It helps that Felker-Martin’s writing is exactly as caustic and incisive as the subject matter demands. Her words are like a scalpel and forceps, peeling back layers of calcified respectability to reveal the raw flesh and shrieking nerves underneath. Those innards are visible not only in the story’s vivid moment-to-moment grotesquery, but also the broad strokes of plot and characterization. Our protagonists suffer in excruciating detail; their bodies break down and oppose them as they are subjected to nearly every horror and indignity the world has to offer, and when they manage to fight back it is with resolute brutality. While in less careful hands this might have simply come across as off-putting (looking at you Garth Ennis), here all of that blood and gore is inextricably woven into the fundamentally lovable truth of these characters. The ways they love and fuck and hurt each other resonate with the kind of messy queer relationships I’ve seen so often in life and so rarely in fiction, and it’s only because of the story’s commitment to tackling its ugly subject matter head-on that this aspect ends up being so profound and ultimately affirming. I pretty much immediately fell in love with Beth and Fran, the two tough-as-nails trans women who serve as our initial main protagonists. They’re beat to shit when we first meet them and seemingly surviving on pure inertia, but still able to crack jokes and care for each other. In time I grew to love the other members of their dysfunctional found family: Robbie, a chronically reclusive transmasc sharpshooter, and Indi, the maternal cis doctor who supplies their hormones. I even felt a certain type of way about Ramona, a ruthless but (eventually) repentant TERF, and our sole foray into a legionnaire’s POV, although that one I should probably talk to my therapist about. (Because, oh yeah, this book is horny, in ways that are almost as uncomfortable as they are compelling.) I could go on, but there’s so much complex emotional scar tissue built up between these characters that delving deeper into any of their dynamics would only serve to add several paragraphs of incoherent sobbing and wild gesticulation to the end of this review.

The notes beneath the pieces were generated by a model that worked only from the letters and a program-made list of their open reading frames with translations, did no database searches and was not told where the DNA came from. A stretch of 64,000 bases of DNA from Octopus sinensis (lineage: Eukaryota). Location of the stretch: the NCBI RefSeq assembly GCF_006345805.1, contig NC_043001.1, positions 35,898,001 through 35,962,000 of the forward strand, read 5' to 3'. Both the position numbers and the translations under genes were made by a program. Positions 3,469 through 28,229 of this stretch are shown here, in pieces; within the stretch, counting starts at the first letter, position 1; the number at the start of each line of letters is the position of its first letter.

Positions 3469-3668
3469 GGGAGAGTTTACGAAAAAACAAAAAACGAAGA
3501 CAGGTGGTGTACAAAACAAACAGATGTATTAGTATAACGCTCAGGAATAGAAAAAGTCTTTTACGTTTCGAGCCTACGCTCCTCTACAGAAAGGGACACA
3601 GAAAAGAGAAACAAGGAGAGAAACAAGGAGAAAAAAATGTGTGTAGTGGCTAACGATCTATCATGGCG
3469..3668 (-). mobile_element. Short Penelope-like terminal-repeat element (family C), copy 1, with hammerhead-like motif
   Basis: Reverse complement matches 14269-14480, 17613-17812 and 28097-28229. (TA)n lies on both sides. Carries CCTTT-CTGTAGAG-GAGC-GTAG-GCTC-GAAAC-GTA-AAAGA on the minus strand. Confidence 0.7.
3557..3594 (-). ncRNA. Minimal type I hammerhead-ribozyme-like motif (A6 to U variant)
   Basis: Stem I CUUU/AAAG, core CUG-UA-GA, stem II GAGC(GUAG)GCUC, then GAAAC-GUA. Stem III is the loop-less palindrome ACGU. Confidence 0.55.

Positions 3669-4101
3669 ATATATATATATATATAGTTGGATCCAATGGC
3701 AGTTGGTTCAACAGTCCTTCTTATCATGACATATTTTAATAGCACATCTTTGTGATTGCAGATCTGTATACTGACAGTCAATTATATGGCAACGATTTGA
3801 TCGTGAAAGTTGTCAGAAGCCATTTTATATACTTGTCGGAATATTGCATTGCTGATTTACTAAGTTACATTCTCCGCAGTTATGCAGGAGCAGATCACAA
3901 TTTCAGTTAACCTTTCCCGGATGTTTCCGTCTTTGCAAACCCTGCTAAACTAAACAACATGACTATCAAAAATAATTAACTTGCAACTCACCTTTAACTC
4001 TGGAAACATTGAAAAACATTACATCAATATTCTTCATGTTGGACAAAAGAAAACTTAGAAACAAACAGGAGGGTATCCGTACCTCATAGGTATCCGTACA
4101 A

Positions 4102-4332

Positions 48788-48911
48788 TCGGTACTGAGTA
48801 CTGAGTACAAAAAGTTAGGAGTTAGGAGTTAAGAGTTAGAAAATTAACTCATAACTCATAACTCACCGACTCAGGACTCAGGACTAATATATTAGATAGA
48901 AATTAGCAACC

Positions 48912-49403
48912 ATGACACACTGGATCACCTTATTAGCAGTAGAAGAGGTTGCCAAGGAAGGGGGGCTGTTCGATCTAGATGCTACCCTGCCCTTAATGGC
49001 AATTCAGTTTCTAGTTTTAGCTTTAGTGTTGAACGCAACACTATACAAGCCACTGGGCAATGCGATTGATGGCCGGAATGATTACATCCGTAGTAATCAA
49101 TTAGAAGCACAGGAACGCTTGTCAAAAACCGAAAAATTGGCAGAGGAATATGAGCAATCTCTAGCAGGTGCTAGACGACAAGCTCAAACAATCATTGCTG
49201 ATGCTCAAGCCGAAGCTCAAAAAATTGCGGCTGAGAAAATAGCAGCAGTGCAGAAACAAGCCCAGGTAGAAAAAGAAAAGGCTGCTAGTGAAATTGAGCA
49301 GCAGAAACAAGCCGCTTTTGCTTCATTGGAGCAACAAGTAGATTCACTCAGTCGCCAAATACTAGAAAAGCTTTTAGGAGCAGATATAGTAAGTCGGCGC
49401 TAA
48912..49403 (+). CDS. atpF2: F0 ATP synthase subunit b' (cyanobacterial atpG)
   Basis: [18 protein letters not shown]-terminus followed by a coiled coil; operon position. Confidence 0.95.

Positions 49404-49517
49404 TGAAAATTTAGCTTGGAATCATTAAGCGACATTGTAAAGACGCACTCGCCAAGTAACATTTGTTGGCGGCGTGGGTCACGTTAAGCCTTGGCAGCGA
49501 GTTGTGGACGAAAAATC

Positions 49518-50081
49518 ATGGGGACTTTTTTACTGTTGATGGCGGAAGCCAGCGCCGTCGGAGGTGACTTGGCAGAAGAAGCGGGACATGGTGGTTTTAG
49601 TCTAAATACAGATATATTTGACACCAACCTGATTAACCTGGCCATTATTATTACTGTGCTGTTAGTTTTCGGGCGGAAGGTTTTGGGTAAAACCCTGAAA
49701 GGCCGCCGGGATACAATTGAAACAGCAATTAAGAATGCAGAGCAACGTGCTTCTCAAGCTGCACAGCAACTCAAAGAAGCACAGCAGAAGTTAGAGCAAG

Plus, I want to give you the chance to discover them for yourself, because in case you couldn’t already tell, Manhunt comes with my most emphatic possible recommendation. It’s absolutely not for everyone — it’s brutal, it’s upsetting, and hashing out all the requisite content warnings would probably take upwards of two pages in 11 point font. But if you think you can stomach it, and if you’re in the mood for a deftly-plotted, tear-jerking queer thriller that’s gonna mess you up, stick with you for a long time, and probably leave you with some deeply problematic kinks, I cannot press this book into your hands hard enough.